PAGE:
Are your Safety Signs Effective and Legal?
All safety signs in the workplace must follow a particular shape and colour in order to express the certain message.
Take a look at our guide to make sure that you are meeting the relevant legal duties with your safety signs.
What are safety signs and signals?
Every employee must know the potential hazards they could face in their occupation. They need safety signs in order to know how to react in the event of an emergency and what they need to do to avoid them in the future. There are five different types of safety sign. Below are the required standard formats for signs so that the message of each sign is easily and quickly understood (see below).
A sign that alerts you to possible dangers to guard against. The shape must be a yellow triangle with a black border. Any text or images must also be black on a yellow panel.
A sign to display actions you must take to keep yourself safe. The shape must be a blue circle with white images or wording.
A sign to display actions you must avoid. The sign must a circle with black on white images. The circle must have a red borderline with a line across. Any wording must be white text on a red panel.
Safe Condition Sign
This sign contains information relating to emergency action and must be a rectangle. The symbol must be green with white wording or images.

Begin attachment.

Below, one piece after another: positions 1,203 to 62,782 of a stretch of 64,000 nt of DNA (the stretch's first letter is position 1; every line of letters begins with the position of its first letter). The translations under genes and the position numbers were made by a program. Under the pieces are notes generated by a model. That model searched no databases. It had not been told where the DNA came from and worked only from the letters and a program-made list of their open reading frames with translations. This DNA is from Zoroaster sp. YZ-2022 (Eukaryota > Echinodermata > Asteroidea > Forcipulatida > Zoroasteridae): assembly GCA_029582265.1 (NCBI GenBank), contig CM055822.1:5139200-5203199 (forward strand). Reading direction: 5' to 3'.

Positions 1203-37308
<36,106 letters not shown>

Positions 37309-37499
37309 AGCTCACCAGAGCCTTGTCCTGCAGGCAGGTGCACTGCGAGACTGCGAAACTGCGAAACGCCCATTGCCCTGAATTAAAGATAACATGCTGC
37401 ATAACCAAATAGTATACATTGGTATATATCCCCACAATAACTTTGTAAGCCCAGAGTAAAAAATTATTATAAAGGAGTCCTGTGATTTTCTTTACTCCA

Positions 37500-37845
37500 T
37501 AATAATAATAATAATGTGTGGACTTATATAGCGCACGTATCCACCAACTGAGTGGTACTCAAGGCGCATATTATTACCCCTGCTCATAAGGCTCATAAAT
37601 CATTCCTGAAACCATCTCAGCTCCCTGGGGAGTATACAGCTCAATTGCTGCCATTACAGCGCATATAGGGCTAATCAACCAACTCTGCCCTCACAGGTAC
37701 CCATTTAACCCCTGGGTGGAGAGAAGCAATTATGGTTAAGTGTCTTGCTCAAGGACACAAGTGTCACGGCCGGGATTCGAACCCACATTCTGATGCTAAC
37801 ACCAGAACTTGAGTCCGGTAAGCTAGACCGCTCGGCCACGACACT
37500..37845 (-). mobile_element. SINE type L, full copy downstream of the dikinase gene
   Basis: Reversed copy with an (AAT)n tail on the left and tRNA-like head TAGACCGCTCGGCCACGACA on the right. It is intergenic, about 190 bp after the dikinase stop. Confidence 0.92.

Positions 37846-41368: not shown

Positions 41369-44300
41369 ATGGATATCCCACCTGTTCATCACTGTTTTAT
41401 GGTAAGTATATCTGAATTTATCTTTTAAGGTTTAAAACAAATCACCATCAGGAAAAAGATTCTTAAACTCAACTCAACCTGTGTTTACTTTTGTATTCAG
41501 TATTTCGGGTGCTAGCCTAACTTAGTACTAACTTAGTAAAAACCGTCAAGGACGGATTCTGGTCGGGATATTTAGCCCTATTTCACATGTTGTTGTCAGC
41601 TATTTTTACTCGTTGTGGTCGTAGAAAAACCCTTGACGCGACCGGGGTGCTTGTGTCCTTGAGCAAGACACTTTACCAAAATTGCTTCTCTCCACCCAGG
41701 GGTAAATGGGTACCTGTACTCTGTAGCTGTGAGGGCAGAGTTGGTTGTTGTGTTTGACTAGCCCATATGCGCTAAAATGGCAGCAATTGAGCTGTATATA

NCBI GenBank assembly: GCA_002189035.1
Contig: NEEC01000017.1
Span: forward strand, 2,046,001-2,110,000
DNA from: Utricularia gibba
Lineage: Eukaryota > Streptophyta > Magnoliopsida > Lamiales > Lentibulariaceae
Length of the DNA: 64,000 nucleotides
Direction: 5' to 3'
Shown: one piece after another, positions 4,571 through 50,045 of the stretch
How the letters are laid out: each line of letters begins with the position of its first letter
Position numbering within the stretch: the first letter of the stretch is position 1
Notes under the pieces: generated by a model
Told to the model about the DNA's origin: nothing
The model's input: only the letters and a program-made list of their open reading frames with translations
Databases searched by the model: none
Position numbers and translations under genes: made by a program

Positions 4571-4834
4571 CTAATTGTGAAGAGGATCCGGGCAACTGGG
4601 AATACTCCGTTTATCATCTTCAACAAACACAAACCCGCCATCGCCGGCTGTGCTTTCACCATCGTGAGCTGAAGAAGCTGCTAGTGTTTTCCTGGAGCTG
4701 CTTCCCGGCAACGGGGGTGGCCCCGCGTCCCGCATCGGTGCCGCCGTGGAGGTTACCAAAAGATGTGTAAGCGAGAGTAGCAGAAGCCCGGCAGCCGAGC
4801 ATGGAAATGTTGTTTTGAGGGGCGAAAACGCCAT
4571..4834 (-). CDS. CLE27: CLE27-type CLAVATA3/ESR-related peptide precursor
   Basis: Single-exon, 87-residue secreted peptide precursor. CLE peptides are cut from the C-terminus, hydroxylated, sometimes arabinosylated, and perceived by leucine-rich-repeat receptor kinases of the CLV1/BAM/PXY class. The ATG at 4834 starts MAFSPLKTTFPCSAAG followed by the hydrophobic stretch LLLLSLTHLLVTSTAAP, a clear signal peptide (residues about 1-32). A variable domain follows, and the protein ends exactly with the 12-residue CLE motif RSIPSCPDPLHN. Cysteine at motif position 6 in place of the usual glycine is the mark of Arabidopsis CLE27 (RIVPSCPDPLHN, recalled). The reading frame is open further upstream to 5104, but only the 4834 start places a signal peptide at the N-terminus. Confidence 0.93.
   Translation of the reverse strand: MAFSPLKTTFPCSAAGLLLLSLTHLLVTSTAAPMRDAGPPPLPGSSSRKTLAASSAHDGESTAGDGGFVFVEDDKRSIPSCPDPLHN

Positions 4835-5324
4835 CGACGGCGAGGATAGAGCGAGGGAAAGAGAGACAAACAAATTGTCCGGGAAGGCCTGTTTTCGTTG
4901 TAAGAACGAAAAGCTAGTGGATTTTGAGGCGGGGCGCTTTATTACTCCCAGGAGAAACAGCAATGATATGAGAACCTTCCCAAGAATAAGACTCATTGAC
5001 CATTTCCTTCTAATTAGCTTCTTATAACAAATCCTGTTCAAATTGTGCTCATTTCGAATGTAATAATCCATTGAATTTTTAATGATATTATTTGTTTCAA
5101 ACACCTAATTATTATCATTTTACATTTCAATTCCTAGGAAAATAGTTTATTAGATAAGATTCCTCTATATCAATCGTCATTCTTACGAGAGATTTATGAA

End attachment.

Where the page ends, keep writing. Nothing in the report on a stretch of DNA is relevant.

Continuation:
Fire Equipment Sign
This sign is a red rectangle with white wording or images; it is used to display the location and details of fire equipment. For more on the benefits of fire safety in the workplace take a look here.
When is each sign needed?
To work out when a sign is needed you need to follow the below steps:
- Firstly you need to conduct a risk assessment: by doing this you will be able to spot the potential hazards in the workplace and can note the most significant areas in need of a safety sign. When assessing the area you need to consider the likes of flammable atmospheres, electricity and hot surfaces.
- Make sure any existing signs are updated and their surrounding areas are reassessed. When doing this also make sure each sign is still relevant so that other important signs are not depreciated. Also make sure all damaged, defaced, discoloured and unclean signs are cleaned or replaced accordingly.
- Make sure that you have a control measure put in place with every potential hazard you have spotted. You cannot simply put up a warning sign and not deal with any potential consequences.
- You need to make sure each safety sign is paired with a logical sign with a solution. E.g. A “high noise area” would be pair with a “hearing protection must be worn sign”.
- Finally, make sure you use road signs on entrances and site roads; this will be useful for when you are targeting drivers.
To ensure that signs are working get an employee to look at every sign and check that all safety measures are being followed. E.g. make sure that everyone is wearing the correct clothing such as PPE if a sign states so. Make sure that all signs that give directions that actually lead to the relevant area/equipment and all emergency exits lead to safety.
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